How afternoon tea found it’s way into English culture
Tea consumption increased dramatically during the early nineteenth century and it is around this time that Anna, the 7th Duchess of Bedford is said to have complained of "having that sinking feeling" during the late afternoon.
At the time it was usual for people to take only two main meals a day, breakfast, and dinner at around 8 o'clock in the evening. The solution for the Duchess was a pot a tea and a light snack, taken privately in her boudoir during the afternoon.
Later friends were invited to join her in her rooms at Woburn Abbey and this summer practice proved so popular that the Duchess continued it when she returned to London, sending cards to her friends asking them to join her for "tea and a walk in the fields." Other social hostesses quickly picked up on the idea and the practice became respectable enough to move it into the drawing room.
Before long all of fashionable society was sipping tea and nibbling sandwiches in the middle of the afternoon.
Traditional Afternoon tea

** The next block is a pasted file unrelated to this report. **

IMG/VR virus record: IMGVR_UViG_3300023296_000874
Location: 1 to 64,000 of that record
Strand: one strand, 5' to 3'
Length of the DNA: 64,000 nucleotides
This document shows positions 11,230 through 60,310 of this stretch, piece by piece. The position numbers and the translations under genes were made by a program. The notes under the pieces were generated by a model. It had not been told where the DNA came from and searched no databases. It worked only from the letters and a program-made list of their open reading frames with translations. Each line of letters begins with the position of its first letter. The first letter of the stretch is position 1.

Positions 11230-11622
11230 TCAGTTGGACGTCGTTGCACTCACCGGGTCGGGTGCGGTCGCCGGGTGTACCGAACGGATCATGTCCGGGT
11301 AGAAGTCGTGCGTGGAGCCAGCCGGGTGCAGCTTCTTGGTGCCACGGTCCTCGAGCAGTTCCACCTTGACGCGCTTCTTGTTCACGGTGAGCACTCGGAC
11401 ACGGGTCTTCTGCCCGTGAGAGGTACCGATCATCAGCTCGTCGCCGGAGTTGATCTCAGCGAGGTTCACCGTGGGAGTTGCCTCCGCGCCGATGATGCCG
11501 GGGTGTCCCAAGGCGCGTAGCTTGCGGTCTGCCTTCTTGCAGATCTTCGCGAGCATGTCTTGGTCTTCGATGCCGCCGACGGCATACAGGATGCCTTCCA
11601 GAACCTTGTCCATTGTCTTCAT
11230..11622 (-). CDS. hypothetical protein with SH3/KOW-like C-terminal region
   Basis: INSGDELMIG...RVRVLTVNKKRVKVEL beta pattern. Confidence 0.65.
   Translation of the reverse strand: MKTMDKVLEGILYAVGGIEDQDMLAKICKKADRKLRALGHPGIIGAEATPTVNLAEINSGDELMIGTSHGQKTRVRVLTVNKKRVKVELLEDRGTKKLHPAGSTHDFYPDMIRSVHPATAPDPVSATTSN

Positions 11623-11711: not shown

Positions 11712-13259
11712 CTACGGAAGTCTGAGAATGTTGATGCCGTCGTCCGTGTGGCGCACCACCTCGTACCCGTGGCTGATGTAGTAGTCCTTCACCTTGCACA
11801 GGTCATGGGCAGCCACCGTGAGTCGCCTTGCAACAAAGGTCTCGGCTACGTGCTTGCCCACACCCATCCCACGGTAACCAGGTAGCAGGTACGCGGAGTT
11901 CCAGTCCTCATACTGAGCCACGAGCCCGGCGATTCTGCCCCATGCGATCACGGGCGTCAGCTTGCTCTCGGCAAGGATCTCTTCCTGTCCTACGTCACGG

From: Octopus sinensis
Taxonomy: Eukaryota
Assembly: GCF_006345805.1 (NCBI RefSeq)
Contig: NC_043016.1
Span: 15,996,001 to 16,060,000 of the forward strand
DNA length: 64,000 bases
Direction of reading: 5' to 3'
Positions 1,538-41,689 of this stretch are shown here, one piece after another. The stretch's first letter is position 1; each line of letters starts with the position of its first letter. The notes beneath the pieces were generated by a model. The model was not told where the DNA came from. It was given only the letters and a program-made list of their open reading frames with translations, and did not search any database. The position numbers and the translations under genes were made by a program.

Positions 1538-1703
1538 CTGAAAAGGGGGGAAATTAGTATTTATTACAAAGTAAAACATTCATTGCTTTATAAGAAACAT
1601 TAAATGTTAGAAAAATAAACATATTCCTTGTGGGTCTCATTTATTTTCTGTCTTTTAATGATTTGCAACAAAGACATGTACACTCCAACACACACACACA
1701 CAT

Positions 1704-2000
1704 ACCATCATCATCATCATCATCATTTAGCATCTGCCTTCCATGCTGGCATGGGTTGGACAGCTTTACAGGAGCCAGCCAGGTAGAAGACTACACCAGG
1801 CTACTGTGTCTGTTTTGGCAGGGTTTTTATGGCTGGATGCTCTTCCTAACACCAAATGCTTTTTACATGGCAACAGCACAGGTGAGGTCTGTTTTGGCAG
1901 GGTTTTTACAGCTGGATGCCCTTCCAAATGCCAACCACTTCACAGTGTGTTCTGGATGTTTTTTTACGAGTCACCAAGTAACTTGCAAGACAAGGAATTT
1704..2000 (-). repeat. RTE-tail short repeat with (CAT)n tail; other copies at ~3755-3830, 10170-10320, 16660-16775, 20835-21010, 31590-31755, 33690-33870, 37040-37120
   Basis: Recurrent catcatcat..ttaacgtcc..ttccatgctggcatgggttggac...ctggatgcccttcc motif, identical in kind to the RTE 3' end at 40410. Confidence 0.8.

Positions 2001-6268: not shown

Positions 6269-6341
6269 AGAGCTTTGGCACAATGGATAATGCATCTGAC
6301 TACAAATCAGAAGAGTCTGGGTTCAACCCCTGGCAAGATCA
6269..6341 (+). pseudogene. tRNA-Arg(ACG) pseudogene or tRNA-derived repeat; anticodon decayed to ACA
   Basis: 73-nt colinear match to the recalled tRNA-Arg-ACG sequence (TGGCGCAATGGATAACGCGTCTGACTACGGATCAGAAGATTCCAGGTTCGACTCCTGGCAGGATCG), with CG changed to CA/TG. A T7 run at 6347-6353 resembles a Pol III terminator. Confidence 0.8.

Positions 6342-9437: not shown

Afternoon tea at Broadoaks is served in the traditional way on a three tiered plate with the following:
A selection of fillings:
Ham and Tomato
Tuna mayonnaise & Cucumber
Greenland prawns & Marie rose
Home Made Petit Fours
Freshly baked scones with fresh whipped cream and organic
A strong full-bodied tea from India which has a distinctive ‘malty flavour’
A Chinese tea fired over smoking pine needles, which produces a striking odour and flavour
An aromatic and astringent tea from India with a hint of almonds and wildflowers
A blend of black teas scented with oil of bergamot named after Charles, 2nd Earl of Grey, who was Prime Minister from 1830 -183.
A pot of one of our specialist teas with milk or lemon
Freshly Brewed Filter or Cafetière of Coffee
Homemade scones, Broadoaks home made strawberry jam & Cumbrian whipped cream
Specialist tea of choice